Takin' Five with Derek April 07 2021

Derek Yaniger was born and bred in the South, and was inspired by cartoon art all around him – on his father’s jazz albums, his mother’s recipe books, Mad Magazine, Rat Fink model kit box art. He graduated with a BFA in Illustration/Design from the University of Georgia, then moved to Atlanta to work for various ad agencies and Turner Entertainment. Feeling uninspired, Derek made his own comic book and landed a gig with Marvel Comics, then Cartoon Network, then decided to go solo with his retro-inspired art. His career spans over 18 years, and his own artwork delves into the retro world of beatniks, tiki bars and Vegas glamour.

Interview by Martin McIntosh. Photos supplied by Derek Yaniger.

Tell us little about your creative beginnings. Do you come from an artistic family?

I think I've always been an artist. Even as a wee crumbsnatcher I was obsessed with cartoon art. Whether it was the Sunday comic pages or illustrations in my Mom's recipe books, or the art on my Dad's jazz albums – I spent a lot of time in my younger days soaking in all these cool Mid-century images. I started learning to draw by tracing the Sunday funnies – I learned how to draw Snuffy Smith, Dagwood, and Dennis the Menace! Pretty soon I didn't need to trace 'em anymore. And no, weirdly no other artists in my family.

How have you coped with the past year? What’s helped you get through it all?

It's been a stone cold drag! Luckily those closest have remained well, so that's a groovy thing! The COVID lockdown deal didn't really affect me that much! I've been workin' from home for damn near 30 years! I mostly just kept my head down and worked my way through the whole thing. I did miss the cancelled conventions and gallery gigs, so that's a bring-down!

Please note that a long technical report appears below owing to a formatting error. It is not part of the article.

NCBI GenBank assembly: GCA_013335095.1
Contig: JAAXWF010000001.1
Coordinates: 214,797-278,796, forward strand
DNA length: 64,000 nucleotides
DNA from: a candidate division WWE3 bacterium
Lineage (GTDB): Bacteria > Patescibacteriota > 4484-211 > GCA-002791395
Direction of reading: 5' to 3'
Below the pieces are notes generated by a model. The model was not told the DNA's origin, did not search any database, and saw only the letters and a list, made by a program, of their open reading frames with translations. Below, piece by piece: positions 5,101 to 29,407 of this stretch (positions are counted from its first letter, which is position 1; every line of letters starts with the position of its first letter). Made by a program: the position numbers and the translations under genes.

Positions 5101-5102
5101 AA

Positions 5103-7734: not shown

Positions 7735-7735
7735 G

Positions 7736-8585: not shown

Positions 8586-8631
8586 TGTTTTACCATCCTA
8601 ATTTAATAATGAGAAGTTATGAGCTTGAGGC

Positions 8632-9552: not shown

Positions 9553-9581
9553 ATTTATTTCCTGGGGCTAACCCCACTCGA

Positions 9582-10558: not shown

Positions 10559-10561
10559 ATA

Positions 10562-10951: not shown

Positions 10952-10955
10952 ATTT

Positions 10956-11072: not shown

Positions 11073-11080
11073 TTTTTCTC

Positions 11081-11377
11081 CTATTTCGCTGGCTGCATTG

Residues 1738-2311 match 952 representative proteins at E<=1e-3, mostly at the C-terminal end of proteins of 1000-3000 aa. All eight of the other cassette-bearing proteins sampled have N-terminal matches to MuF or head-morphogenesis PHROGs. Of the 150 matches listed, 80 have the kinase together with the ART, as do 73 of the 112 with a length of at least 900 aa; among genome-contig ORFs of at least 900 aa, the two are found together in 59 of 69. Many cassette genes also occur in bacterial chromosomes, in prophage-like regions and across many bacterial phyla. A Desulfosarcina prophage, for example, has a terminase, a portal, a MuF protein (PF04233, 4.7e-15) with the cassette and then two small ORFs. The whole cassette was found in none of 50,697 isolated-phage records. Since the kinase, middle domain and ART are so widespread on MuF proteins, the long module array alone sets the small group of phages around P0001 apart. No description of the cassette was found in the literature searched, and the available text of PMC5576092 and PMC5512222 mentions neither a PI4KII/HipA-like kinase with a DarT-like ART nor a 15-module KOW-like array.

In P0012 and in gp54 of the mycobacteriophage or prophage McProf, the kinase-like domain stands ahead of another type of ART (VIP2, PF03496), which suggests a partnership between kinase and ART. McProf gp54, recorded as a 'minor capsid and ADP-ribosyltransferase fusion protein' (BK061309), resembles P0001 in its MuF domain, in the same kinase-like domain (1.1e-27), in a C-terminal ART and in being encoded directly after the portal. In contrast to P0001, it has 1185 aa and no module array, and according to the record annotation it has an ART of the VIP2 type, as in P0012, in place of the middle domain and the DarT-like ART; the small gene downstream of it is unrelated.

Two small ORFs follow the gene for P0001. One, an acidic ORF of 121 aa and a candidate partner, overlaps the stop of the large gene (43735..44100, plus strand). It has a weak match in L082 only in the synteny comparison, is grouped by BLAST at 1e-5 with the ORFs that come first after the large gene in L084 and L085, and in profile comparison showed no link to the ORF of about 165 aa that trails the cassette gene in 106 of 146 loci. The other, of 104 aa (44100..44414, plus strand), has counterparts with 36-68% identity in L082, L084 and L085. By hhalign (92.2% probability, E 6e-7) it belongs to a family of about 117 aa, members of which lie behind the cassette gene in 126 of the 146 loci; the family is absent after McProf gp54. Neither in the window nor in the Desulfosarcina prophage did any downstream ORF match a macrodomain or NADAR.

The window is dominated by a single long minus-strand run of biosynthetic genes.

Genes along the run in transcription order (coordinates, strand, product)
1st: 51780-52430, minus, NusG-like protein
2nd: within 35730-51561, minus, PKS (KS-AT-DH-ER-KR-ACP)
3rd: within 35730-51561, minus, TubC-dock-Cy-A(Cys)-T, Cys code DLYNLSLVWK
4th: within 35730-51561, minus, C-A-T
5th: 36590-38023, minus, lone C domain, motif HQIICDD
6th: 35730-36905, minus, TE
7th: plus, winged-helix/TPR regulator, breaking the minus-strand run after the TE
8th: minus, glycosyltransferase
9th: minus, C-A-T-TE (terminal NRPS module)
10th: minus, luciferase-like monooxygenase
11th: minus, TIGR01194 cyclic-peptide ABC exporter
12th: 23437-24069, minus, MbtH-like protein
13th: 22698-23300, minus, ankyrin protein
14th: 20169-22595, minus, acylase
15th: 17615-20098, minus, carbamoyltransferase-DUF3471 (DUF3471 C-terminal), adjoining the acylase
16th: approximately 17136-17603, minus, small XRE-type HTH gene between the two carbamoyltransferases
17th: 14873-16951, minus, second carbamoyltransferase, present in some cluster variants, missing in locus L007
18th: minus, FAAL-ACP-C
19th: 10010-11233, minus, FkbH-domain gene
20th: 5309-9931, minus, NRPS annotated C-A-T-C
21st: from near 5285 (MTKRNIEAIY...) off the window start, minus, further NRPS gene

Your paintings are so appealing! One is mesmerised by your polished technique; the paint consistency and crispness, the indented outline work and the small details right down to your hand specially crafted hand made frames. The whole package is alluring! How did you arrive at this technique? Was it something that hit you in a lightning bolt moment or something that gradually formed over time?

Damn! Well ain't you the nicest cat in the kingdom! Thanks for the kind words. It gradually formed over time. I like a really tight, clean, smooth line. I hate workin' on canvas, so I started early on painting on wood panels. I used to transfer my images using graphite sheets, but then I had to go back and erase all that graphite, which I did not dig. I noticed the transfer dug indentations into the wood, so I figured I could just use those as my painting guide. And I started framing them because I want that sombitch up on someone's wall as fast as possible!

What is your perfect art-making day?

Early run, shower, coffee in the studio, rain starts (after my run), some shorty on the turntable. Not too hungover from last night. Standing at my drawing table with an empty pad and a pencil in my paw. Then... GO!

You’ve amassed quite a collection of objects and ephemera that evidently inform and inspire some of your paintings. Are there any holy grail items that you would love to add to your collection? Any recent finds of note?